US Senator Ted Cruz beat billionaire Donald Trump in Iowa's Republican presidential nominating contest on Monday, upsetting the national front-runner in the race to be their party's White House nominee.
Cruz, a conservative lawmaker from Texas, won with 28 per cent of the vote compared to 24 per cent for businessman Trump. Marco Rubio, a US senator from Florida, came in third place with 23 per cent, easily making him the leader among establishment Republican candidates.
On the Democratic side, former Secretary of State Hillary Clinton was in a virtual tie with rival Bernie Sanders, a self-described democratic socialist US senator from Vermont. With 93 per cent of the precincts reporting Clinton led with 50.1 percent to Sanders' 49.3 per cent.
Former Maryland Governor Martin O'Malley, who had trouble gaining any traction in the Democratic race, planned to suspend his campaign. He was in third place with 0.5 per cent.
Cruz's win and Rubio's strong showing could dent the momentum for Trump, whose candidacy has alarmed the Republican establishment and been marked by controversies such as his calls for a temporary ban on Muslims entering the United States.
"Tonight is a victory for courageous conservatives across Iowa and all across this great nation," Cruz said, adding that the results showed that the nominee would not be chosen by the media, the Washington establishment or lobbyists.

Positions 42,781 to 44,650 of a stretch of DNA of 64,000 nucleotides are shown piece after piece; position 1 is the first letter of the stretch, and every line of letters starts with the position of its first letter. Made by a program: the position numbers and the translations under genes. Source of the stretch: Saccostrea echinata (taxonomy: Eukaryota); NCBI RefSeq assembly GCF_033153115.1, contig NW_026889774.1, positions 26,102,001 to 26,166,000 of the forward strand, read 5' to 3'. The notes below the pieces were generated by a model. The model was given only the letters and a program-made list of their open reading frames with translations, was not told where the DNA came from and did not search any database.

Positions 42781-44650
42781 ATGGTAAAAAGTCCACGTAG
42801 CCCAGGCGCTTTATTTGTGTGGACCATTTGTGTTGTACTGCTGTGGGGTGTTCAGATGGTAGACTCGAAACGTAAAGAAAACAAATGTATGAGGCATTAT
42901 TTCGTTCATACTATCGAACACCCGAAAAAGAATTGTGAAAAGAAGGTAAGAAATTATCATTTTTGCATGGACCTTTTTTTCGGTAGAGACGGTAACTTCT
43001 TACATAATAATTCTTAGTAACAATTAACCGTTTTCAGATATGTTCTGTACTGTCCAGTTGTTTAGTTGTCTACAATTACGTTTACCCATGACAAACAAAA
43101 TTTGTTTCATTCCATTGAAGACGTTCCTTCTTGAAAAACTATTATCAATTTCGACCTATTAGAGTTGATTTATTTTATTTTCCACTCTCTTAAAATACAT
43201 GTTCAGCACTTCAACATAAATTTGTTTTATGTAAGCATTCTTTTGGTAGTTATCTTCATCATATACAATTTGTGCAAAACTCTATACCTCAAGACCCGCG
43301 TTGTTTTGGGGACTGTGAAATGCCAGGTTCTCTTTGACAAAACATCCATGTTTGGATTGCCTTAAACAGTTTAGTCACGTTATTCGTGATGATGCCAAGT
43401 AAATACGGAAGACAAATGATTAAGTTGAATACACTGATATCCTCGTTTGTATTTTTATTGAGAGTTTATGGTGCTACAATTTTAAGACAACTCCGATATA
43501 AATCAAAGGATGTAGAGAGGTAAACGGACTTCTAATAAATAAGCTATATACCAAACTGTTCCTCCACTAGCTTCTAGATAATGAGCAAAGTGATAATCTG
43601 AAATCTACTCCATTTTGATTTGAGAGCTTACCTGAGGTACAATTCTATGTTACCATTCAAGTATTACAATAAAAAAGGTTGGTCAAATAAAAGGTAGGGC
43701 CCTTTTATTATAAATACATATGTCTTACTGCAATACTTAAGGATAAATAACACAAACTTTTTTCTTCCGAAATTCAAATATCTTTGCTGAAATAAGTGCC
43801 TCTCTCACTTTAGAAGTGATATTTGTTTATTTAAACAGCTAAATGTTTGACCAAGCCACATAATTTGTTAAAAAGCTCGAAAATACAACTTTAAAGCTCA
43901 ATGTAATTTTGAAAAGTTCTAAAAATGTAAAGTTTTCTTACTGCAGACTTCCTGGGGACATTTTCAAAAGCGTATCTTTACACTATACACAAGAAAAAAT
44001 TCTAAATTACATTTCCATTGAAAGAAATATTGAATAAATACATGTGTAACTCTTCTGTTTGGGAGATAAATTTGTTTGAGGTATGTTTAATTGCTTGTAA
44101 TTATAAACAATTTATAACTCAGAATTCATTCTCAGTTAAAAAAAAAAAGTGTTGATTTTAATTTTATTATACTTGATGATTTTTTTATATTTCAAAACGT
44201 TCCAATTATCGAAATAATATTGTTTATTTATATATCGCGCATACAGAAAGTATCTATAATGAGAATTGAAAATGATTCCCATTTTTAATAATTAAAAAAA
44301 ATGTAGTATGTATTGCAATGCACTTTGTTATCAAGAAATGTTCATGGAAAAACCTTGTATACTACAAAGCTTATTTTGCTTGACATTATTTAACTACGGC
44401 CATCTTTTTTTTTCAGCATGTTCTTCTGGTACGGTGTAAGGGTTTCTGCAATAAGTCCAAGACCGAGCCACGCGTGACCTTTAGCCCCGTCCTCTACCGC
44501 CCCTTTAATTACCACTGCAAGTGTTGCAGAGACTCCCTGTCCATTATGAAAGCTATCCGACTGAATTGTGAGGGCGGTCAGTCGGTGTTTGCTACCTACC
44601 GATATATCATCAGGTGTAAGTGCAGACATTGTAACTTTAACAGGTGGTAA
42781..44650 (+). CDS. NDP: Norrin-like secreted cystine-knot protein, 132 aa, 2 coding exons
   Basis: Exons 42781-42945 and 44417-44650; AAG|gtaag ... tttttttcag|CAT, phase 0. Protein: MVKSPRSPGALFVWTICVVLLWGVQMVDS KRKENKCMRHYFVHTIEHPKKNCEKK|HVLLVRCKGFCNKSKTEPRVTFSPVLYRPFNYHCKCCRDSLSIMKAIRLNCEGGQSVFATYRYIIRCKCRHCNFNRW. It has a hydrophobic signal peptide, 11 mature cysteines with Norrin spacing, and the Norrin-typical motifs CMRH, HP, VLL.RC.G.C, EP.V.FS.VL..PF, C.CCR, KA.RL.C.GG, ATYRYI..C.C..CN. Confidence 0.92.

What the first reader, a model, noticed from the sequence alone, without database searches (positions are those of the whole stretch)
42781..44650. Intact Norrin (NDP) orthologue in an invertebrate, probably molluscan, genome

Trump congratulated Cruz and said he still expected to win the Republican nomination.
"I'm just honored, I'm really honored," Trump told supporters. He said he looked forward to the next contest next week in New Hampshire, where polls show him ahead.
Rubio's third place finish established him as the Republican establishment's main alternative to Trump and Cruz.
"I am grateful to you, Iowa. You believed in me when others didn't think it was possible," he said.
The results could have ramifications in upcoming races.
"There is now blood in the water for Donald Trump," said Republican strategist Ron Bonjean. "Ted Cruz proved he could successfully beat back Trump attacks because he had a great ground game and identified well with evangelical voters."
Former Arkansas Governor Mike Huckabee said he was suspending his campaign for the Republican party nomination. Huckabee won the Iowa caucus in 2008.
Iowa has held the first nominating contests, called caucuses, since the early 1970s, giving it extra weight in the US electoral process that can translate into momentum for winning candidates. The caucuses are voter gatherings that take place in 1,100 schools, churches and other public locations across the Midwestern state.
The 2016 election is shaping up to be the year of angry voters as disgruntled Americans worry about issues such as immigration, terrorism, income inequality and healthcare, fueling the campaigns of Trump, Sanders and Cruz.